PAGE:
The Pro Factory: How Ohio State's WR Room Churns Out Beasts

Three different Buckeye receivers are expected to be drafted this year. Coach Brian Hartline reveals the standards and strategies that make the unit 'different'.

Ohio State's wide receiver room is a bonafide pro factory.

Since 2015, six Buckeye receivers have been drafted into the NFL. After the 2019 NFL Draft, that number will likely grow to nine, as Terry McLaurin, Parris Campbell and Johnnie Dixon are all expected to be selected.

For our Path to the Pros feature on McLaurin, STACK spoke with Coach Brian Hartline. Hartline is a former NFL receiver who now serves as the Buckeyes' receivers coach. He offered a number of insights during our conversation that help reveal how and why Ohio State's receivers are just "different" from the competition.

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Ohio State's wide receiver room is a bonafide pro factory.

Since 2015, six Buckeye receivers have been drafted into the NFL. After the 2019 NFL Draft, that number will likely grow to nine, as Terry McLaurin, Parris Campbell and Johnnie Dixon are all expected to be selected.

For our Path to the Pros feature on McLaurin, STACK spoke with Coach Brian Hartline. Hartline is a former NFL receiver who now serves as the Buckeyes' receivers coach. He offered a number of insights during our conversation that help reveal how and why Ohio State's receivers are just "different" from the competition.

The ultimate goal behind every route a Buckeye receiver runs is to create as much separation between the break point and the catch point as possible. Ankle-breaking releases off the line may go viral on Instagram, but according to Hartline it's what you do at the top of the pattern that matters more for getting open.

"To me, too many times, you can have a great release and still not end up being open at the end of the route," Hartline says. "To dive into our terminology, the most important part of every route, is from break point to catch point. And that means the point at which you break into the route, the most important part is your ability to separate out of a break and arrive at the catch point with as much separation as possible from the DB. If not, at the very least, a foot is all we need. Get our hands in front of his hands and make the play."

It sounds simple, but a ton goes into squeezing as much separation as possible out of those moments. In a recent tweet, Hartline detailed how a receiver's eyes can be a crucial tool for creating space:

The room also prides themselves on developing drills which closely mimic the rigors of a game. Although they have a number of standbys that will likely alway be a staple of their routine, they're not afraid to experiment. Hartline believes feedback from the players is the single most important factor when innovating new ways to train.

"There's always little specifics where we identify weaknesses or weaker areas in our game on film, and then we just recreate them. It's not science, it takes effort. But you watch things, you identify things, then you go, 'How do we create that in a one-on-one or two-on-two atmosphere to enhance that skill?'," Hartline says. "We try to take specific events or opportunities in-game and recreate them in drill work. And that's essentially it. A lot of dialog goes into it, we communicate a lot with our players. The best feedback you can ever get is talking to your players. 'What did you like? What didn't you like? Did you like this drill? If you didn't, why not? If you liked it, why'd you like it?' Then you enhance from there. So we take a lot of pride in our drill work here at Ohio State and if something's not working or we're not seeing a lot of it, well guess what, we don't do it a lot."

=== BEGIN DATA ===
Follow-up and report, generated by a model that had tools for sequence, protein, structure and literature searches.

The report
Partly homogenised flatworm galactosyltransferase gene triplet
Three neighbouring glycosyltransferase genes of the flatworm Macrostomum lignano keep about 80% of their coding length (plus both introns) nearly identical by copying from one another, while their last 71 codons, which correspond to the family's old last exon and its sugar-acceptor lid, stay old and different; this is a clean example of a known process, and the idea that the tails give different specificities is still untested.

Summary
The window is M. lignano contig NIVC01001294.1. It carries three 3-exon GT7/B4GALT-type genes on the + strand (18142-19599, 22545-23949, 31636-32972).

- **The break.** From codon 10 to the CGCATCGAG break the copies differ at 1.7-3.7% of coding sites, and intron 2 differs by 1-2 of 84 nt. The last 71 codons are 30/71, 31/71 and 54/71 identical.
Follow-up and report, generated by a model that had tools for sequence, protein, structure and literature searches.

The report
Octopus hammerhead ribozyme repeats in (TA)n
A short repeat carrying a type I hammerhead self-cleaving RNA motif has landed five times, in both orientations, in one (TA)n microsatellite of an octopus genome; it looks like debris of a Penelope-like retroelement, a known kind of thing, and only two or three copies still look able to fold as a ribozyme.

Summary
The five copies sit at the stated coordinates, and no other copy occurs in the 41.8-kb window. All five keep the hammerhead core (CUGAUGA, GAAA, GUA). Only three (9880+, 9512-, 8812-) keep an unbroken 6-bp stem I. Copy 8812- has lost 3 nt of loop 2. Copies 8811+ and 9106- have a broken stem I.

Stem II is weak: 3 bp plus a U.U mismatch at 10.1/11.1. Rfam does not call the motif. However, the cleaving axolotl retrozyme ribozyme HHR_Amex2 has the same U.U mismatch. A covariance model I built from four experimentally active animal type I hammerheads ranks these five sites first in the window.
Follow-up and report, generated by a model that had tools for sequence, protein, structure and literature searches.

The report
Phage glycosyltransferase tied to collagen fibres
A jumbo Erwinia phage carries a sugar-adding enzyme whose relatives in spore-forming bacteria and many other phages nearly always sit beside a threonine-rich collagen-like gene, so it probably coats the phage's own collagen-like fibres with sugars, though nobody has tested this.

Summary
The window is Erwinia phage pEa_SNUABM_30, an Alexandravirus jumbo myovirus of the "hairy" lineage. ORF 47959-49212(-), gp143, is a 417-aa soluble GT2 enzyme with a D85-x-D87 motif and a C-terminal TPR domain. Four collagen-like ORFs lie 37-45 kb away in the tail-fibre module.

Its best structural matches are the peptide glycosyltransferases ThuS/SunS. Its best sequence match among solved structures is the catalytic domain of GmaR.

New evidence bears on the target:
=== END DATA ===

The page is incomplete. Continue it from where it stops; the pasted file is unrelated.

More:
Since there's only so many practice hours in a week, Hartline or assistant wide receivers coach Keenan Bailey will often detail how to execute certain drills to their players so the guys feel comfortable drilling it on their own or with teammates. A video system allows players to film their personal drill work so they can analyze it with coaches later on. "Our best coaching tool  is video. We use that accordingly," Hartline says.

There are also no "plays off" inside Ohio State's receivers room. Even if they're not catching a pass, they want to make an impact and create winning opportunities for teammates. "We don't operate in this room trying to be like anyone else, we're trying to be different. We're always trying to be different. We're trying to be the guy that when you're not on the field, we feel you not being there. The only way to be irreplaceable is to be different. And that's our mindset in our room," Hartline says. "Terry (McLaurin) takes that approach to the heart, and he'll find any edge to be different than the next guy and to be better than the next guy and more cherished than the next guy. Blocking for his teammates, sacrificing on special teams, at an elite level. That takes a really honed-in mentality to accomplish that. Anybody can do it maybe once or twice, anybody can hit the same shot Michael Jordan has hit, but how often? In what critical situations is it being performed?"

Although Ohio State's player development and recruiting are among the best in the nation, the competitive culture among teammates is also a critical piece of the puzzle. "I know it's used a lot, but iron sharpens iron. They always wanna be the best one in the group, and if the group is really good, then they're getting even better," Hartline says.

Read more on how Ohio State's culture of excellence helped polish McLaurin into a NFL scout's dream in his full Path to the Pros profile.

Photo Credit: Adam Lacy/Getty Images

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Topics: FOOTBALL | LEADERSHIP | WIDE RECEIVER | OHIO STATE BUCKEYES | FOOTBALL COACH | COLLEGE FOOTBALL | OHIO STATE | POSITIVE COACHING | OHIO STATE FOOTBALL